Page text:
Nissan’s Around View Monitor

Nissan’s Around View Monitor IllustrationAutoblog has a post about Nissan’s in-development Around View Monitor technology. The system uses 4 cameras positioned around the car. The feed from each camera is corrected and composited by a computer to produce a bird’s eye view of the space around the car.


Grand Theft Auto 2I can’t help it, but I instantly think of the first generation Grand Theft Auto game, viewing your vehicle from top-down. I wonder if the system will be active while driving at speed… and if it is, I imagine it could lead to some EXTREMELY aggressive lane changes on the interstate.


I’m completely in love with the concept of creating a new view point by compositing several other viewpoints. Using the controlled distortion of specifically designed lenses, you could create some very dramatic views from a system of cameras. I think Nissan is just touching the surface of what’s possible with current technology, and I expect that we will see some amazing things in the near future, whether they are in the automotive industry or not.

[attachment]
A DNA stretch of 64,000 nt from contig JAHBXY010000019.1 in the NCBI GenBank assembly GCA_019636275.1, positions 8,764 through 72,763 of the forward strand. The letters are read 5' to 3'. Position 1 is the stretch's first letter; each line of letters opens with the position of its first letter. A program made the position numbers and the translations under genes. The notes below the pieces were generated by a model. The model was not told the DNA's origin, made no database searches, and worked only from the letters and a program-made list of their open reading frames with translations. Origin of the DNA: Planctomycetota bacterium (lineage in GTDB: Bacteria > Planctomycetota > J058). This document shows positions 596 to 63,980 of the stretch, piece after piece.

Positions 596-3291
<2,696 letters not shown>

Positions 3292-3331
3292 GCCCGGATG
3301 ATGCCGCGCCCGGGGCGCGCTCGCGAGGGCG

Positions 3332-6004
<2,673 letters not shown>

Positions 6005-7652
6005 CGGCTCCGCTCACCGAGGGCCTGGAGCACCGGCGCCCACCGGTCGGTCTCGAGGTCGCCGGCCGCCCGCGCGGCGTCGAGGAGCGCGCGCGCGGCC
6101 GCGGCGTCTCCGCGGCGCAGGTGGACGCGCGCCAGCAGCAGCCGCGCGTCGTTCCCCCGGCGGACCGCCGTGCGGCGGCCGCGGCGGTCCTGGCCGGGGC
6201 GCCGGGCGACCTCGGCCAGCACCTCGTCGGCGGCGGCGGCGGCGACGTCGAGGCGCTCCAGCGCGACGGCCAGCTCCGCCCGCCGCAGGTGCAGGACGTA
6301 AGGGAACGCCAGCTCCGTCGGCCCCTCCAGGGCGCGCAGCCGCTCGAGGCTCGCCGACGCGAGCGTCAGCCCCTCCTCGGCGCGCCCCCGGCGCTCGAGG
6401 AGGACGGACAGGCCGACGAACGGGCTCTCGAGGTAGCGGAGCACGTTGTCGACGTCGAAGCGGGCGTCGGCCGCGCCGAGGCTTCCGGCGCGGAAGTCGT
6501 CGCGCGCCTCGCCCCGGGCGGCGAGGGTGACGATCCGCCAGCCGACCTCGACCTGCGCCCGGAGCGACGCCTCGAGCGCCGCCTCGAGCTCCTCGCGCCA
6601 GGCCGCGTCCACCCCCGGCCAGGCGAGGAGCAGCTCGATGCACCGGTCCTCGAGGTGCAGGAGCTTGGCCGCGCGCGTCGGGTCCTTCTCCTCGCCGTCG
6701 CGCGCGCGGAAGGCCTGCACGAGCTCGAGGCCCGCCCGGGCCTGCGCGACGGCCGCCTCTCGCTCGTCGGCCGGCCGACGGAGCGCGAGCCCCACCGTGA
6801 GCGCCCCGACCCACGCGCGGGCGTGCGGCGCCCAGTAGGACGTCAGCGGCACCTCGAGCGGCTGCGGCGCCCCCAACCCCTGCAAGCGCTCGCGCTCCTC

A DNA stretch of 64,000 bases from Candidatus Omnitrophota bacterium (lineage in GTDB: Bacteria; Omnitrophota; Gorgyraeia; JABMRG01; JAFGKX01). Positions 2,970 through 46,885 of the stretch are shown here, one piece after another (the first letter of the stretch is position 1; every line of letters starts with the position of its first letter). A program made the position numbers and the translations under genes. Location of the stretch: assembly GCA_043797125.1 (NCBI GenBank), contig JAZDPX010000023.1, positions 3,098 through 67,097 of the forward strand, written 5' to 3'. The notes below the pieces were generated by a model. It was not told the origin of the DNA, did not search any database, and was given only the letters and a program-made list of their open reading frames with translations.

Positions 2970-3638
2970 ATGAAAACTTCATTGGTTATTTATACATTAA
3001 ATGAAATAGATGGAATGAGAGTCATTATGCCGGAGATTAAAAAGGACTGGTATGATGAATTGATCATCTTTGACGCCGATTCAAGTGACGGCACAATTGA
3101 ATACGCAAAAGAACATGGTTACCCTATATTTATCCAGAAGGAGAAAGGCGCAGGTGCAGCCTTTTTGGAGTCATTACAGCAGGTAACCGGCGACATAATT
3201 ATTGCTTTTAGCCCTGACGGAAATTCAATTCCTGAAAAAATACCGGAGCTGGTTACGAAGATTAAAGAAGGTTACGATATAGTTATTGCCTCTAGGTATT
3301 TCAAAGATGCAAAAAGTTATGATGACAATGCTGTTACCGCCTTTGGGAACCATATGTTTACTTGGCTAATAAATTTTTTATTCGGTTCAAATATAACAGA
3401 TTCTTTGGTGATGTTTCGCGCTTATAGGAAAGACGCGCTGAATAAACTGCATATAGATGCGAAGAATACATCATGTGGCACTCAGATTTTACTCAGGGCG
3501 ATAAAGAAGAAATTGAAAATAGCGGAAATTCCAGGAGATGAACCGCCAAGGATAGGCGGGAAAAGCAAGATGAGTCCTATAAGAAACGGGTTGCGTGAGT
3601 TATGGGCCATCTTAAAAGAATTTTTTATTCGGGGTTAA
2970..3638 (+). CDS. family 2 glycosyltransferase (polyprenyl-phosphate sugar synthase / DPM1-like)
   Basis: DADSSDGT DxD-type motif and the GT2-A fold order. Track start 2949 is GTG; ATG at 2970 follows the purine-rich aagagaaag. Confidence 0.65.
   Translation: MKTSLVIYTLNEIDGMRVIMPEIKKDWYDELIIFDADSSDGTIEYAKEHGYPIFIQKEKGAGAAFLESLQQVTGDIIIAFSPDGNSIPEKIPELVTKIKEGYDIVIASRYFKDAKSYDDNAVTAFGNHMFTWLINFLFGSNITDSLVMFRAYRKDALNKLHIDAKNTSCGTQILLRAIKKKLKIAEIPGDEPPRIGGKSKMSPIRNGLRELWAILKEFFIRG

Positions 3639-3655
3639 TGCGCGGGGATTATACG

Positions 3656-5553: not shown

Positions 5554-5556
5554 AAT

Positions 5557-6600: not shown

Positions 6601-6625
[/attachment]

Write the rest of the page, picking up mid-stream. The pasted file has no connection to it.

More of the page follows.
Here’s Nissan’s press release:


TOKYO (Oct. 12, 2007) – Nissan Motor Co., Ltd will introduce the world’s first Around View Monitor, which offers the driver a bird’s eye view of the vehicle and its surroundings in real-time. In Japan, the Around View Monitor will debut in the new Elgrand, scheduled for introduction at the end of this month. The technology will also be offered to the U.S. market on the all new Infiniti EX35 scheduled for launch this December.

The Around View Monitor system sythesises a bird’s eye image of the vehicle and its surroundings from four ultrawide-angle (180-degree) high-resolution cameras mounted on the front, sides and rear of the vehicle. The Around View Monitor is particularly helpful when parking, enabling the driver to steer easily and precisely into a parking space.

The screen displays the view from above on the left, and a front or rear view on the right. The front and rear views alternate according to the gear shift. This allows the driver a comprehensive view of the vehicle and its surrounding environment from all angles.

The left side-view is offered with the rear view, allowing the driver to more easily observe both the rear and left-front when attempting to parallel-park. The driver has the option to choose between the top view and the left side-view.

The camera-enabled sensors mounted on all four corners of the vehicle depict the distance to an obstacle in easy-to-understand coloured graphics, and help warn the driver via a “beeping” alert the closer the vehicle approaches a fixed obstacle.

Chris Owens

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